The official said the administration viewed Sunday's missile test as the latest in a series of provocations to try to win sanctions relief from the U.S. The Biden administration again called on North Korea to return to talks but made clear it doesn’t see the sort of leader-to-leader summits Donald Trump held with Kim as constructive at this time.

South Korean and Japanese officials also condemned Sunday’s launch, which violated U.N. Security Council resolutions that bans the country from testing ballistic missiles and nuclear weapons.

South Korean President Moon Jae-in said Sunday’s missile launch brought North Korea to the brink of breaking its 2018 self-imposed weapons test moratorium.

U.S.-led diplomacy aimed at convincing North Korea to abandon its nuclear program largely remains stalled since a second summit between Kim and Trump collapsed in early 2019 due to disputes over U.S.-led sanctions on the North.

Observers say North Korea could halt its testing spree after the Beijing Winter Games begin Friday because China is its most important ally and aid benefactor. But they say North Korea could test bigger weapons when the Olympics end and the U.S. and South Korean militaries begin their annual springtime military exercises.

___

Associated Press writer Aamer Madhani in Washington contributed to this report.

Register for free to continue reading

Registration is a free and easy way to support our truly independent journalism

By registering, you will also enjoy limited access to Premium articles, exclusive newsletters, commenting, and virtual events with our leading journalists

Please enter a valid email
Please enter a valid email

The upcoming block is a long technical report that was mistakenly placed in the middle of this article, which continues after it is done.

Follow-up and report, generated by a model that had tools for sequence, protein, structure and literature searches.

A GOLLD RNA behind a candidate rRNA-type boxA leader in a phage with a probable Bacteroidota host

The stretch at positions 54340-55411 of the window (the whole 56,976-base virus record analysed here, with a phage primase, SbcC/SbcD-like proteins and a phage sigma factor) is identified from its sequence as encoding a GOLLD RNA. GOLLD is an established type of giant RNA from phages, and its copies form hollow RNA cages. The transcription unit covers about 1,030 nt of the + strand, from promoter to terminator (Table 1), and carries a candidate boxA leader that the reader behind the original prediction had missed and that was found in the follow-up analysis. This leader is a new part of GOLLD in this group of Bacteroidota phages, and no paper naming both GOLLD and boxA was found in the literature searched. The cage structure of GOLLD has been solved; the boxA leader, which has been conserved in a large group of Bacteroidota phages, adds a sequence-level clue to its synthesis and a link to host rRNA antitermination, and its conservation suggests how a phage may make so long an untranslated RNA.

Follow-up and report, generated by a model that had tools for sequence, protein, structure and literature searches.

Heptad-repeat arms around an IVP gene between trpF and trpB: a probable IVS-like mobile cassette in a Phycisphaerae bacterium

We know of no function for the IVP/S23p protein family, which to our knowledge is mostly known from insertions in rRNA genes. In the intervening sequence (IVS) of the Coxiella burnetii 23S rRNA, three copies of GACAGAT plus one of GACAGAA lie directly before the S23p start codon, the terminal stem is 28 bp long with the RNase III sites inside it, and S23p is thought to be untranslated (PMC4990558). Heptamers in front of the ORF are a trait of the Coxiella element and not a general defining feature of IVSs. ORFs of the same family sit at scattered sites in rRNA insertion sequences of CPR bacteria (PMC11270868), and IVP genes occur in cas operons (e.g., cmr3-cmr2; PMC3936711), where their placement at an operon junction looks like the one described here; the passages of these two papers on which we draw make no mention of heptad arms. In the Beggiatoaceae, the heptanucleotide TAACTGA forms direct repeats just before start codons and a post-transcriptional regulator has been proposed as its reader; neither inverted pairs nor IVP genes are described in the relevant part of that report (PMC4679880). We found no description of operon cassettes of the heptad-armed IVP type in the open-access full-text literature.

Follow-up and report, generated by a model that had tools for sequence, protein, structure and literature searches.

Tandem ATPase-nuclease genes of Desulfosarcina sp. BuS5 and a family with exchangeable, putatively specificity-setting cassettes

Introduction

Must be at least 6 characters, include an upper and lower case character and a number
Must be at least 6 characters, include an upper and lower case character and a number
Must be at least 6 characters, include an upper and lower case character and a number
Please enter your first name
Special characters aren’t allowed
Please enter a name between 1 and 40 characters
Please enter your last name
Special characters aren’t allowed
Please enter a name between 1 and 40 characters
You must be over 18 years old to register
You must be over 18 years old to register
Opt-out-policy
You can opt-out at any time by signing in to your account to manage your preferences. Each email has a link to unsubscribe.

By clicking ‘Create my account’ you confirm that your data has been entered correctly and you have read and agree to our Terms of use, Cookie policy and Privacy notice.

This site is protected by reCAPTCHA and the Google Privacy policy and Terms of service apply.

Already have an account? sign in

By clicking ‘Register’ you confirm that your data has been entered correctly and you have read and agree to our Terms of use, Cookie policy and Privacy notice.

This site is protected by reCAPTCHA and the Google Privacy policy and Terms of service apply.

Register for free to continue reading

Registration is a free and easy way to support our truly independent journalism

By registering, you will also enjoy limited access to Premium articles, exclusive newsletters, commenting, and virtual events with our leading journalists

Already have an account? sign in

By clicking ‘Register’ you confirm that your data has been entered correctly and you have read and agree to our Terms of use, Cookie policy and Privacy notice.

This site is protected by reCAPTCHA and the Google Privacy policy and Terms of service apply.

Thank you for registering

Please refresh the page or navigate to another page on the site to be automatically logged inPlease refresh your browser to be logged in